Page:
I chickened out writing TJP. I’ll admit this here for the first time. I had set the stage for a possible visit from any of several family members within striking distance, with the full intention of putting the Fletchers in the position of having to either refuse to take in a sick relative or subject them to quarantine procedures. This is a difficult topic for most of us to comprehend, and I decided to steer clear of it ultimately, leaving the discussion to stand on its own merits. I couldn’t imagine writing a scene turning “Grandpa” away because he was running a fever and coughing and the response I’d get from readers. The book is controversial enough, and I felt that I accomplished the goal of raising awareness by introducing the concept as an important part of a any survival plan, especially in the face of a contagious virus.

As for Operational Security? I’d say the Fletchers failed miserably, letting too many people know that they were stocked up and prepared. He may not have walked around with a banner announcing it, but the neighbors quickly put it together and he made matters worse by disclosing certain information and offering to share some very critical and hard to find supplies. In a limited disaster scenario like an earthquake, hurricane or tidal wave, this wouldn’t be such a problem, but Alex knew for a fact from his own research that a massive pandemic was different. The effects of deadly flu virus had the potential to crash the “system,” forcing the neighborhood to endure severe food shortages and limited access to essential services.

Given Alex’s military background and the fact that the Fletchers had been planning for a disaster like the Jakarta Pandemic for years, I was surprised that they had not ran a “practice weekend” disaster scenario to work out the kinks before actually having to implement their survival plan.  Did I just miss that in the book because it was not specifically mentioned or is that something that was purposely omitted from the story line for impact?

You didn’t miss anything. Frankly, I didn’t think about it. If I had, I would likely have modeled my own family for the Fletcher’s “drill weekend,” and had it perpetually postponed. I have two emergency escape ladders on my second floor that have not been opened. I bought them with the full intention of running a drill out of one of the first floor windows, just so my kids could figure out how to attach them to the windowsill. We’ve been too busy. We’ve watched over two thousand hours of TV as a family since acquiring the ladders, but can’t find thirty minutes for a drill that could save lives. We always talk about a home invasion plan…how to react as a family, but we’ve never gone through the motions. You make a great point, Randy, and I think this could have been another opportunity to highlight an important aspect to any preparedness plan.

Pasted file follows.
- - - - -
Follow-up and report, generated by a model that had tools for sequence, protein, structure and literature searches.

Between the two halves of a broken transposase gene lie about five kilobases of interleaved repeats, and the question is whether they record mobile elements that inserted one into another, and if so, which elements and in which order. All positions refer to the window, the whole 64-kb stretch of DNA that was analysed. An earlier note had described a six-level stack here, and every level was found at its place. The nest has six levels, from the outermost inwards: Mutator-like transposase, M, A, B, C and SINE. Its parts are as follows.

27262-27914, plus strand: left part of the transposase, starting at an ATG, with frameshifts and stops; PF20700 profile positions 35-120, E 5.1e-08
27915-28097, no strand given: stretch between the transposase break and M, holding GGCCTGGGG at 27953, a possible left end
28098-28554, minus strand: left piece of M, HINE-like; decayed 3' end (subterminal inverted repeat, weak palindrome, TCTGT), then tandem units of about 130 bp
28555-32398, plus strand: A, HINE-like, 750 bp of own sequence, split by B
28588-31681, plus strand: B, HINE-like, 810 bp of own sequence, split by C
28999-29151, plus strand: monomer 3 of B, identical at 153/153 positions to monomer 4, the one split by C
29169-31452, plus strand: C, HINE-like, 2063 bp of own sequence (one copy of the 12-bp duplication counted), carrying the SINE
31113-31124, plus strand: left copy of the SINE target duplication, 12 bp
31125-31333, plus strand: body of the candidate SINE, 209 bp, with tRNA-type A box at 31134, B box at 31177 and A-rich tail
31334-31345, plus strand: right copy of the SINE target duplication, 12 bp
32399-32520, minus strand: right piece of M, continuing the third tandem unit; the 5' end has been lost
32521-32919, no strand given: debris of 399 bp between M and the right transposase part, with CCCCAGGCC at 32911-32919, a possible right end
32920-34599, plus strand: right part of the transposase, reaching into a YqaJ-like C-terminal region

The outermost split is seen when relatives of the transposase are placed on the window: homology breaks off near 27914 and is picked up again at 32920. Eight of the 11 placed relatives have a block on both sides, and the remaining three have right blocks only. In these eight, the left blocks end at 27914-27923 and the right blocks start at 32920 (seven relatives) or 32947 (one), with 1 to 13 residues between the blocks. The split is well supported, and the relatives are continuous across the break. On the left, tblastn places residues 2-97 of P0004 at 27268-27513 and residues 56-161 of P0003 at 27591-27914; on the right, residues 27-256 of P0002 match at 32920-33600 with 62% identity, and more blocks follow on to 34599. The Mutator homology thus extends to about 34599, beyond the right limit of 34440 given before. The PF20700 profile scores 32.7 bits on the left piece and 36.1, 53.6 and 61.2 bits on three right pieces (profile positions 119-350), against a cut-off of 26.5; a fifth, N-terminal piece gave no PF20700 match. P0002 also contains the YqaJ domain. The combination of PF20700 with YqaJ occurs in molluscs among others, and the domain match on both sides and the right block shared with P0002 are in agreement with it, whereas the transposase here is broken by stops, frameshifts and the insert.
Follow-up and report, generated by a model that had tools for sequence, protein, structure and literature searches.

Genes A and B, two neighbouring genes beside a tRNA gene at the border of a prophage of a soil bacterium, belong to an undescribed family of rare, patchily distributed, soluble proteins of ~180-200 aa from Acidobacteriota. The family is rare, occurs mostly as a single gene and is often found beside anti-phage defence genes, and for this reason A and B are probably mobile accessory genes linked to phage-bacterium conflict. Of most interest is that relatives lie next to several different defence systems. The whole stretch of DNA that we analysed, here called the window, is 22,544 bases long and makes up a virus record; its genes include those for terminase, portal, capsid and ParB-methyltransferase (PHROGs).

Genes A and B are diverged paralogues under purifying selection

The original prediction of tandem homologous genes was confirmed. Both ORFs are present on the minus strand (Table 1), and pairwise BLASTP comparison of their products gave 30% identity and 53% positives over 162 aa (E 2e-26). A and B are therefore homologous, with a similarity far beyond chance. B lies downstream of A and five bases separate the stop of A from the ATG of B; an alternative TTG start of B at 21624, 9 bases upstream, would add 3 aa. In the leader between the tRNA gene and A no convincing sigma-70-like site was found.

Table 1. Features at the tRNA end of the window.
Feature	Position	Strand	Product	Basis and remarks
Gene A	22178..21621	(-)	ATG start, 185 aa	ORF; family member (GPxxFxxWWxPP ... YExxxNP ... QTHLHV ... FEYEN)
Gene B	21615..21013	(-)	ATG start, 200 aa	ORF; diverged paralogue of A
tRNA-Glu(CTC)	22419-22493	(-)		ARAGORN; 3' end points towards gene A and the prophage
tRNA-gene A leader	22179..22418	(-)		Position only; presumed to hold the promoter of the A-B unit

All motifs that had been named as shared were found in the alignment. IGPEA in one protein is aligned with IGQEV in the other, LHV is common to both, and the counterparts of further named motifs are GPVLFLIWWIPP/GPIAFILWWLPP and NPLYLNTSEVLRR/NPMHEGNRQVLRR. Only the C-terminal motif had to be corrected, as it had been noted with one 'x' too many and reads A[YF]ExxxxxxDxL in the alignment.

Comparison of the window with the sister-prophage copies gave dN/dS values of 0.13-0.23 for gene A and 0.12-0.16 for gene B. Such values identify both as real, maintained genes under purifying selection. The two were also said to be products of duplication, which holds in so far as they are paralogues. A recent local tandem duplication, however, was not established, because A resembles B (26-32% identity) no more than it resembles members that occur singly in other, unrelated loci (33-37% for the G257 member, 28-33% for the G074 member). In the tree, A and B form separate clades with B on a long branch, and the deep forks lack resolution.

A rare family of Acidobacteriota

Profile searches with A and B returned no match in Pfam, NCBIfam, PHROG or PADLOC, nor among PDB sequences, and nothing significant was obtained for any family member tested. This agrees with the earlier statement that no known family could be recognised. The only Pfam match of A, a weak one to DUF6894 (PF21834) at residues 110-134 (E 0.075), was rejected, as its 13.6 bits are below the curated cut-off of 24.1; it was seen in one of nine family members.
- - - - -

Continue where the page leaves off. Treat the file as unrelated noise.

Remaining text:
Let’s turn our focus to real world current events for a moment.  The Jakarta Pandemic is set in 2013 and oddly enough, the world has already seen a couple of rather scary viral outbreaks this year with the novel coronavirus in the middle east that has shown an alarming death rate among those infected and the H7N9 avian flu that is currently spreading across, you guessed it, China.  It seems you may have been onto something when you wrote TJP by setting it to take place in 2013!  What are your thoughts on these ongoing situations and what should we be looking for as these stories develop?

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I may be the only person on earth hoping that this avian flu thing takes off…book sales will be off the charts! Just kidding, sort of, until I get my basement squared away. As you can imagine, I like to track this kind of stuff, but I’d be lying if I told your readers that I predicted 2013 for the next deadly pandemic. Unfortunately, we don’t have the organization that I created for The Jakarta Pandemic to warn us when a pandemic is imminent. The International Scientific Pandemic Awareness Collaborative (ISPAC) was an entirely fictional entity, based on the needs identified by my research. Namely, an independent, nonpolitical agency focused on the early detection of potential pandemic threats and the relevant public education needed to prepare individuals and civil groups. Readers can set Google alerts or other news alerts to receive articles related to pandemic events or topics, using key phrases or words. You can also frequently review our own nation’s CDC website and navigate toward the bottom left corner to “OUTBREAKS.” I check this section every week or two to see what’s new in the world of infectious diseases. The WHO website (home page) contains a link at the top right, “Disease Outbreak News,” which accomplishes the same goal, but leads to a wide variety of articles and disease topics which can expand your knowledge of pandemic viruses. If you find a link to an emerging disease on one of these sites, you can add the name of the disease to your list of news alert subscriptions. By keeping a loose eye on these sites and your alerts, you’ll be in a strong position to detect an emerging threat before it “hits the news.” I don’t go crazy with this stuff, but if something catches my eye, I like to get the news first.